A proposed amendment to the ACT’s current place naming legislation could see the word ‘colonisation’ replaced with ‘reconciliation’.
The ACT’s Public Place Names Act 1989 enables the Planning Minister to determine the name of public places across Canberra.
This includes the naming of an avenue, road, street, geographical feature or place that the public is entitled to use, and any unleased land.
Currently, it reads that the Minister making such decisions must consider matters including “the names of persons famous in Australian exploration, navigation, pioneering, colonisation, administration, politics, education, science or letters”.
Labour backbencher Dr Marisa Paterson brought the proposed change to the Assembly. She said the word ‘colonisation’ was offensive to many people in the community and carried negative connotations.
She said if the change were to pass, it would mark a positive step toward reconciliation in the ACT.
Dr Paterson said the fact the word was still included in the ACT’s legislation at all was proof that “we still have a way to go with decolonising our legislation and our policies”.
“These things are just entrenched in our law and we need to be proactive in removing them.”
Dr Paterson said the change was simple, but very meaningful, and focused on moving forward.
“What it should do is spark a community conversation about these things and about who we remember and celebrate,” she said.
She said her amendment wasn’t about ‘changing history’.
“That’s why part of the amendment will be to include people who’ve been major contributors to reconciliation,” Dr Paterson explained.
“There’s merit in acknowledging that someone was a coloniser, but we need to have the right historical frame on what they did and why.
“Colonisation is not celebrated anymore like it was 100 years ago and I think there’s a lot of conversations that need to be had about Aboriginal self-determination and treaty,” Dr Paterson said.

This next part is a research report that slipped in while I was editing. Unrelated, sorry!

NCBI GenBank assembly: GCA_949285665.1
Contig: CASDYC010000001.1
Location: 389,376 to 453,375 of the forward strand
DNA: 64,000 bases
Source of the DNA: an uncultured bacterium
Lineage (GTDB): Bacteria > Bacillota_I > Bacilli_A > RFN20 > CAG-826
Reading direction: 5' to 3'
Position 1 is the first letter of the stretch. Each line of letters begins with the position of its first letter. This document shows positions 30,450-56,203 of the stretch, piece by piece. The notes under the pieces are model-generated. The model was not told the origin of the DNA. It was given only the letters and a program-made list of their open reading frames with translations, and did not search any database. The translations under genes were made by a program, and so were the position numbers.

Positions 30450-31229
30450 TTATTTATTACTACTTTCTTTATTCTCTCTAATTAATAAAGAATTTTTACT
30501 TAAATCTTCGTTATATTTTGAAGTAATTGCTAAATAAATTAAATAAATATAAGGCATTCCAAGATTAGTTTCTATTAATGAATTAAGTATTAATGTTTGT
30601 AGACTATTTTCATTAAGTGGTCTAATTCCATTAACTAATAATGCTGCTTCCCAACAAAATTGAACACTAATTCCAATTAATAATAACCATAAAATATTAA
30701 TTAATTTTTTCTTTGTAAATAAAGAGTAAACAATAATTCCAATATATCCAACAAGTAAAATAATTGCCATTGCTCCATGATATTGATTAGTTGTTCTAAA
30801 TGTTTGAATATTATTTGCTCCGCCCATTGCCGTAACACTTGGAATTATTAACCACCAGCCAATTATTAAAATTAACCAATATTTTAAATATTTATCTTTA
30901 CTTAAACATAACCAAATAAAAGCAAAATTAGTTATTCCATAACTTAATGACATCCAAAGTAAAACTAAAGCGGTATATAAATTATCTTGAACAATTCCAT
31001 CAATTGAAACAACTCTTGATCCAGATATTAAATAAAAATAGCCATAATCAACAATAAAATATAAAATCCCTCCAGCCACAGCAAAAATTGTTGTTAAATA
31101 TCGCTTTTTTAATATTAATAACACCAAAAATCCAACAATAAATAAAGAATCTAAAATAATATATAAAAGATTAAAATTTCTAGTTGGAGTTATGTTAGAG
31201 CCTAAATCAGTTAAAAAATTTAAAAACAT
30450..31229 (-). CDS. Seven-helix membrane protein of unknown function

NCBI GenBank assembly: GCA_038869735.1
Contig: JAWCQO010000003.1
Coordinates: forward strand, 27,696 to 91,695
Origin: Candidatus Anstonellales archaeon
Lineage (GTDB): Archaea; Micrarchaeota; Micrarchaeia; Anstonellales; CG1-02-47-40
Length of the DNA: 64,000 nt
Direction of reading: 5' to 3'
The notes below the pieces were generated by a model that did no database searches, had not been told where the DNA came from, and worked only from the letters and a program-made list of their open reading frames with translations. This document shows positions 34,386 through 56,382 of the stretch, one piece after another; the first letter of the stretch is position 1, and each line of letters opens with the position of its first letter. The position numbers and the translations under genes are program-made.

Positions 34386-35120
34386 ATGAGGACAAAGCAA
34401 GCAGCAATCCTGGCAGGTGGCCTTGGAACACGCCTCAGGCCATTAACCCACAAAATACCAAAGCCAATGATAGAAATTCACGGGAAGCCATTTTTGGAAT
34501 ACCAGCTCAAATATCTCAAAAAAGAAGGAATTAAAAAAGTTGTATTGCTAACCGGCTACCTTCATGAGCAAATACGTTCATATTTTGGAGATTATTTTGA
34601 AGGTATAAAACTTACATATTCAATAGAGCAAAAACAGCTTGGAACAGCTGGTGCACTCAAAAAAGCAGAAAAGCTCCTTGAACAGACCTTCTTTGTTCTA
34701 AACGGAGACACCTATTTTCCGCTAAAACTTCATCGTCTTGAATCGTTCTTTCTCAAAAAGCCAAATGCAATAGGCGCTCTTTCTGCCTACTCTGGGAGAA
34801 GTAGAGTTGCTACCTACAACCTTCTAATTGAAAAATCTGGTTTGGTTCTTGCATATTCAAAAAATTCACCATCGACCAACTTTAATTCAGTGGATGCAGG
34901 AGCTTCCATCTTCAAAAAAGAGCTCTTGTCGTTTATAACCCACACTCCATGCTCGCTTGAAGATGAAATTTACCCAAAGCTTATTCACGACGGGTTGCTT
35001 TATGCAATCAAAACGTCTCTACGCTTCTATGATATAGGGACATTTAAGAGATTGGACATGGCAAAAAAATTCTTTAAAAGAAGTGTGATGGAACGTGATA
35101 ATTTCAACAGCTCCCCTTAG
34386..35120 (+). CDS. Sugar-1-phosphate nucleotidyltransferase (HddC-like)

She said it was instead time to give greater attention to those who have made, and continue to make, positive contributions towards reconciliation in the Territory.
Dr Paterson noted the significance of the timing of the introduction of the bill – next January will mark the 50th anniversary of the Aboriginal Tent Embassy.
She’s also consulted with the ACT’s Aboriginal and Torres Strait Islander Elected Body (ATSIEB), which has supported the proposed change.
ATSIEB Member Paula McGrady said the timing was important given the Tent Embassy’s significance to Aboriginal and Torres Strait Islander people.
“They [Aboriginal and Torres Strait Islander people] all deserve remembrance to their story, to reignite their existence in what they sacrificed for equality, equality that represents a future where all of our cultural lands and connections are embraced in the spirit of truth-sharing and reconciliation,” she said.
The amendment was introduced in the ACT Legislative Assembly on Tuesday afternoon (30 November). The debate has been adjourned until next year’s sitting.
Dr Paterson hoped the debate could go ahead in next year’s Reconciliation Week.